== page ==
Neon Genesis Evangelion has always been regarded as one of the greatest animes of all time, as well as the best mecha anime of all time, but that isn’t because of the huge spectacle of seeing giant cyborg robots fighting monstrous aliens. It’s because, deep down, this is an unforgettable character drama that tackles deeper, raw human issues like spirituality, intimacy, abandonment, isolation, depression, insanity, sexuality, joy, and sorrow. This is a character study, a journey through the human soul and all the troubles and issues that come with that. The main concern is not just with the giant monsters that threaten the planet, it is human interaction, even when it’s between each other and of the unknown. The pain of human intimacy is brought up at the beginning of the series with the hedgehog’s dilemma metaphor: “the closer we become, the more deeply we hurt each other”.
The characters here aren’t your typical heroic archetypes we see countless times in pop-culture over the years. They are all damaged individuals in their own different way due to their contrasting mindsets or extreme feelings of self-doubt and insecurity because of their unfortunate, tragic backstories. This is a story about life, finding a purpose, growing up and overcoming sorrow and depression. This will no doubt resonate heavily with those going through similar issues right now in the real world, but this is also deeply personal for the show’s creator Hideaki Anno who was clinically depressed prior to making the series, so he chose to inject elements of himself and his personal struggles into each character in the show.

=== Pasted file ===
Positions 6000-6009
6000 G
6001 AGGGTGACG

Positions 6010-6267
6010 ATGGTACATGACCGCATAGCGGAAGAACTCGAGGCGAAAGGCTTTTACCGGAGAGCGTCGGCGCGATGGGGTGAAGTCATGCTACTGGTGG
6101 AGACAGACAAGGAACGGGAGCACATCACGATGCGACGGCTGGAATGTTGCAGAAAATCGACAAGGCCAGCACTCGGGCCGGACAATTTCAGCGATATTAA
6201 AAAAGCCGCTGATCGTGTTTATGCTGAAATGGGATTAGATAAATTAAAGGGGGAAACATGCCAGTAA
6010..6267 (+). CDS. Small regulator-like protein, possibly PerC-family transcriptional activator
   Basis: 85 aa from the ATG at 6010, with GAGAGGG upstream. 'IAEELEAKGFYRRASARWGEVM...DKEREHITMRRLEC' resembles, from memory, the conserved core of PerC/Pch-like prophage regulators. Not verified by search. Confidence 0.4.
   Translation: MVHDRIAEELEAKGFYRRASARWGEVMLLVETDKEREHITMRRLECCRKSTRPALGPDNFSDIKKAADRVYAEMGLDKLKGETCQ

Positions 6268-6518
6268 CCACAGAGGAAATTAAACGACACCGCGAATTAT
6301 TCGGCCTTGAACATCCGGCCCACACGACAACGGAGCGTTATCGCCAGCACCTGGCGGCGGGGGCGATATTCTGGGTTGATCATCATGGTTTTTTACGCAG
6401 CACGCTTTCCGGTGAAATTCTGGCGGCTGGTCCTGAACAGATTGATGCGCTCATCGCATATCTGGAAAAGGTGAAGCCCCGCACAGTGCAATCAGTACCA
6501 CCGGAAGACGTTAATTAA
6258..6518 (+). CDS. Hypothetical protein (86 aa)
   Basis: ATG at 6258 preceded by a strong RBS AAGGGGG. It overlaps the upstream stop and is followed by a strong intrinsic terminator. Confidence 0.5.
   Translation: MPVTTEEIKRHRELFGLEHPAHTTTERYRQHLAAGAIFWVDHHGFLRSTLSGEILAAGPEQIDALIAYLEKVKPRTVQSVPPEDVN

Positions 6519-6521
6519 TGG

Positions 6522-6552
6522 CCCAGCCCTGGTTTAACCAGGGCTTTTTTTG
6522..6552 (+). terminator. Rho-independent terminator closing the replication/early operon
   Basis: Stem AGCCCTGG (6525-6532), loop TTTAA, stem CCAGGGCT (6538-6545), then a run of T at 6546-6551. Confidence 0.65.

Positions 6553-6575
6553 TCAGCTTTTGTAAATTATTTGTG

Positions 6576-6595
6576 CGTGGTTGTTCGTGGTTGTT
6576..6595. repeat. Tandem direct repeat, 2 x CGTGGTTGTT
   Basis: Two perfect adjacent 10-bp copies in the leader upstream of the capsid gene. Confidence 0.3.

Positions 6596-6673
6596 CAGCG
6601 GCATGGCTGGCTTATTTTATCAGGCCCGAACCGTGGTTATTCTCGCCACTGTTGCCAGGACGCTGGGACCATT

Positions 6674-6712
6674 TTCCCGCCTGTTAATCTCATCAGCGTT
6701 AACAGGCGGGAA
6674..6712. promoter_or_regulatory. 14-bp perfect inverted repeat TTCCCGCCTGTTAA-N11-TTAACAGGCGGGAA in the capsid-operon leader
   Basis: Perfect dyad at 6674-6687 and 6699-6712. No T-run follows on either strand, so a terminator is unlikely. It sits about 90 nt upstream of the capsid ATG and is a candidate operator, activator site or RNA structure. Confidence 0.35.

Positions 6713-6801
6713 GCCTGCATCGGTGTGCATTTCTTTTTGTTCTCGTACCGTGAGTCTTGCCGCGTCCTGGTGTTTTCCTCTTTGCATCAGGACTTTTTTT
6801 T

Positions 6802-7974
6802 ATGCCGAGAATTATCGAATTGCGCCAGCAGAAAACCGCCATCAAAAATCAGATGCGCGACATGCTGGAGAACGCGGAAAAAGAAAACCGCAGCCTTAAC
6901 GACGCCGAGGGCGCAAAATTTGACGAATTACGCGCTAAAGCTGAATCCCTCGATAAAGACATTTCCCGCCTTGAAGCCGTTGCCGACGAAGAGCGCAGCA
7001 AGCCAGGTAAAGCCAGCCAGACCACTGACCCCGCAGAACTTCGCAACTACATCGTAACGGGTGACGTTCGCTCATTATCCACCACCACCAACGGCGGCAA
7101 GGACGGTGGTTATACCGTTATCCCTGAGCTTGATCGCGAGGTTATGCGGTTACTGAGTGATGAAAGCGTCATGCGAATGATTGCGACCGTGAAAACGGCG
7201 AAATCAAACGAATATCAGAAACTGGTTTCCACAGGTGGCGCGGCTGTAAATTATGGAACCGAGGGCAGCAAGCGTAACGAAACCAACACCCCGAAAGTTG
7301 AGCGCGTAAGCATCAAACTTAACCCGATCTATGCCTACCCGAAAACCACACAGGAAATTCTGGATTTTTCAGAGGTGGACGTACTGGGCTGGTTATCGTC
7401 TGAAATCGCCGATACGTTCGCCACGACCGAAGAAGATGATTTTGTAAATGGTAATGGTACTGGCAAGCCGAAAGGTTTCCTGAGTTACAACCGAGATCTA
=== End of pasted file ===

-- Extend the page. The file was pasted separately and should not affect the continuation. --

This deep study into character psychology is wonderfully visualised thanks to its stunning animation by Studio Gainax, who’s work still holds up 26 years later. The design work on the Evangelions and the monstrous Angels are absolutely inspired, with clearly a lot of care, attention, and detail poured in. Each monster design is incredibly creative, varied, distinguishable, imaginative, yet very monstrous and quite horrifying and disturbing at times. The sound design is also impeccably impactful in its fury and the performances from both the English and Japanese voice cast provide memorably iconic portrayals of the characters involved. It goes without saying that the music is very memorable, especially Yōko Takahashi’s A Cruel Angel’s Thesis, which still stands as one of the most beautifully iconic theme songs in anime history.
An unforgettable experience like no other, Neon Genesis Evangelion stands as a legendary and iconic anime, up there with the likes of Ghost in the Shell, Akira and Cowboy Bebop. It presents real, complex human issues and injects them into a visceral monster story that will stay with you long after the series finishes, and especially after its gut-wrenching feature-length finale, The End of Evangelion. The show’s impact and legacy is undeniable at this point, and any die-hard anime fan should check this out when they are able.
Neon Genesis Evangelion is out on blu-ray on December 6th